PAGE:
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LPI 010-160 – Networking Basics part 1

  1. Network Features

Networking is a critical part of modern computing. Most Linux distributions are already capable of creating network connections automatically for you. On some rare occasions, though, this process simply doesn’t work right. Or there may be a need to tweak the connection or debug a problem that’s occurring. To begin, there are some common networking terms and definitions that we need to discuss. DNS is our first one. DNS is the domain Name system. And DNS is a global network of servers that translates between host names and IP addresses. I like to think about this like the Internet phone book. If you think about the old phone book, you could look up my name Jason Dion and you’d get my phone number 5555.

Well, the Internet works the same way. When you look up deon training, you get an IP address back so that your computer knows where to go. DNS is what does that. Next we have Dhcp. And Dhcp is the dynamic host configuration protocol. This is a way for computers on a network to be able to obtain configuration information from another computer on the network. And so when I connect my computer to a new wireless network, my computer connects to the Dhcp server and the Dhcp server says jason, your laptop is going to be known by this IP address with this subnet mask, this DNS server and this gateway. Dhcp does that all for you automatically.

Next. We have Ethernet. Now, Ethernet is a wired network hardware that’s used by most computers today. Even if you’re using WiFi, you’re still technically using Ethernet because you’re doing wireless using the Ethernet standard over the airwaves. But if you use an old school method of plugging your computer in with a Cat Five cable, that is Ethernet as well. Next. We have Hostnames. And Hostnames is the name a computer gets for the benefit of us human beings because we as humans like things that are easy to read and remember. So for example, instead of remembering the Mac address of my computer and trying to reach it that way, you might remember server deontraining. com.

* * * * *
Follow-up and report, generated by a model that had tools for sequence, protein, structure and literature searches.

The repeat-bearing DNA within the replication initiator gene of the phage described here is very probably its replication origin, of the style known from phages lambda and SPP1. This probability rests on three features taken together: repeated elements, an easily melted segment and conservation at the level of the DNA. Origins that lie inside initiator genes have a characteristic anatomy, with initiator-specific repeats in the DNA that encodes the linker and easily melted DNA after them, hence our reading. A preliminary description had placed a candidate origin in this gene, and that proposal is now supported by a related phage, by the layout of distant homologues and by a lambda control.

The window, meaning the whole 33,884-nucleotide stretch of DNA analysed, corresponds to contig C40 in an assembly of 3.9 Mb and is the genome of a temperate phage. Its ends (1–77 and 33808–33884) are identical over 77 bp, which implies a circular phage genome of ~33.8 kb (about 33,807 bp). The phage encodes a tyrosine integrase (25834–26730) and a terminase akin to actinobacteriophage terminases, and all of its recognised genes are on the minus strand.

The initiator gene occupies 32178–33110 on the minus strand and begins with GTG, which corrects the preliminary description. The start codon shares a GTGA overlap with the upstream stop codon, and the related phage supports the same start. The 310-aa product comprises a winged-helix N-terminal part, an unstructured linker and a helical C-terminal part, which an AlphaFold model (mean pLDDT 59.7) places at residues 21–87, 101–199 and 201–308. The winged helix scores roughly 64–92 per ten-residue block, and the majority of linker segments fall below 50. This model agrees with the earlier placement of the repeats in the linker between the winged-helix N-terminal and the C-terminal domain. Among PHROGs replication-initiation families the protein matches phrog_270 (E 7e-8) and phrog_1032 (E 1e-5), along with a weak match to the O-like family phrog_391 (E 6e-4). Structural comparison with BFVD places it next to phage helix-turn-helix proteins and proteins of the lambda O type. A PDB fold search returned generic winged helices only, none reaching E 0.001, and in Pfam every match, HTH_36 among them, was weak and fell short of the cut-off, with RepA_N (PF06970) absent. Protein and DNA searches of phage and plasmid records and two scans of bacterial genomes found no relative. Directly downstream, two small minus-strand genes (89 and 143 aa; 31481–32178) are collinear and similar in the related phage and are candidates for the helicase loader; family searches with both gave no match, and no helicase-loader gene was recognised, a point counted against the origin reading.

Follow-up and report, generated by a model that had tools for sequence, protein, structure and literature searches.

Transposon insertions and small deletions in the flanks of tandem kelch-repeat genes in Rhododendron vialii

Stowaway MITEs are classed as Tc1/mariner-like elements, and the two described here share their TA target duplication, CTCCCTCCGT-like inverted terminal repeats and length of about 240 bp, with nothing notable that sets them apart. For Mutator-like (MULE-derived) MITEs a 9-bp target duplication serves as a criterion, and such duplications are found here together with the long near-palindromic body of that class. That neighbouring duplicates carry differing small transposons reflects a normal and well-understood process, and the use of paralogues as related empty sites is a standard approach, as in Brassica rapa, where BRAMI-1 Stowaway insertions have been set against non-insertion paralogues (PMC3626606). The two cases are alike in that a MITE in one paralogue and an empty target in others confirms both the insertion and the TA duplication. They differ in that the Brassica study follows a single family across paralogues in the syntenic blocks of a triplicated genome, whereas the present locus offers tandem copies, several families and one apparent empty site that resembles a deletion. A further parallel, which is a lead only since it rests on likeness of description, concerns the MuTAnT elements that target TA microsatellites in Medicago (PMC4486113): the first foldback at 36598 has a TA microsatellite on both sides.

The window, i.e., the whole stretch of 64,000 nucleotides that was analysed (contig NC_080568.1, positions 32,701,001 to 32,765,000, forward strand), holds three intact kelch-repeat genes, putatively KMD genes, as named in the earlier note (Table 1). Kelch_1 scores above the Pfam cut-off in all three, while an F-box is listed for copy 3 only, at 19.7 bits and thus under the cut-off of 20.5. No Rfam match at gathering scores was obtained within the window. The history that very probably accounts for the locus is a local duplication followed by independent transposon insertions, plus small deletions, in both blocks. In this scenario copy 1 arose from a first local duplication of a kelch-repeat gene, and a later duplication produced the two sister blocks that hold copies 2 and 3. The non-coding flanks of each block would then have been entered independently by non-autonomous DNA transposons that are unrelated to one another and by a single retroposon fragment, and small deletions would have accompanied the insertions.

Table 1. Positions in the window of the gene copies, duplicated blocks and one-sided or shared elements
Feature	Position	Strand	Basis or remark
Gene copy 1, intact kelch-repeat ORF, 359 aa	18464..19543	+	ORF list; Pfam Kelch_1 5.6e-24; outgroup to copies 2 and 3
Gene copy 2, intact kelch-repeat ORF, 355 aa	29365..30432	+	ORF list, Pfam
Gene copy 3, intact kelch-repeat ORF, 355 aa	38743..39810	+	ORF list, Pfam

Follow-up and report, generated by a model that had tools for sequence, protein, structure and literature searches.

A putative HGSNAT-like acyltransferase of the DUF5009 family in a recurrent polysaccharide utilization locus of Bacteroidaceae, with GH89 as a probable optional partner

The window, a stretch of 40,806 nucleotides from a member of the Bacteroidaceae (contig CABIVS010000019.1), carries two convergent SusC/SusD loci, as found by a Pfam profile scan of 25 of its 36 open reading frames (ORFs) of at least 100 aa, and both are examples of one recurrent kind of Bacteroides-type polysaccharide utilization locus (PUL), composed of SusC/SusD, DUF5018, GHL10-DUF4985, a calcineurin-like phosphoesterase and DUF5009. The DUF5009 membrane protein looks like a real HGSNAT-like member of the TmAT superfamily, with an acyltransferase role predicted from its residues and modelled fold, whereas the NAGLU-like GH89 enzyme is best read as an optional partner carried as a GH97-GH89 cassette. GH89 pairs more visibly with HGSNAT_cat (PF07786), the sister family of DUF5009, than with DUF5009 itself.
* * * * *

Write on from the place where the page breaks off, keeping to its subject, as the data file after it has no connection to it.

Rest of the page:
And that’s easier for you as a human to remember because host names are going to contain a computer portion of this which is server and then this network portion deontraining. com. You can put those together to get the full hostname and be able to address it. Next. We have the Internet. And as you know, the Internet refers to the globe spanning network of interconnected computers that we use the standard Internet Protocol Suite, or TCP IP to communicate over. When you’re watching this video, you’re on the Internet. So I think you know what the Internet is. Next one we have is an IP address, and I mentioned these earlier.

This is like a phone number for a computer. It’s going to tell you how to be able to reach it, right? An IP address stands for Internet Protocol Address and it’s a number assigned to a computer for network addressing purposes. For example, if you want to get to Google’s DNS server, its IP address is actually eight. Eight computers communicate with each other by these IP addresses. And in the old days, we had a four byte iPV four address, which is something like eight eight eight. Each number could be anywhere from zero up to 255 in each of those four octaves. But recently, we’ve been starting to work towards these new IP addresses called iPV six, which are 16 byte addresses or 128 bits. Most of us, though, are still using iPV four.

And over the next five to ten years, you’re going to see iPV six take over an iPV Four move to the wayside. Next, we have a network mask. And a network mask is a way to distinguish between the network and the machine portion of an IP address. So if I gave you something like 192, dot 168, dot one, dot one, and the subnet mask was 255 dot 255, dot 255, dot zero, the three sets of 255s tells me what the network portion is. In the case of this example, 192, 168 one, the last dot one or that zero inside that subnet mask is what tells me what the computer is. So this computer is the one computer on the 192, 168 one network.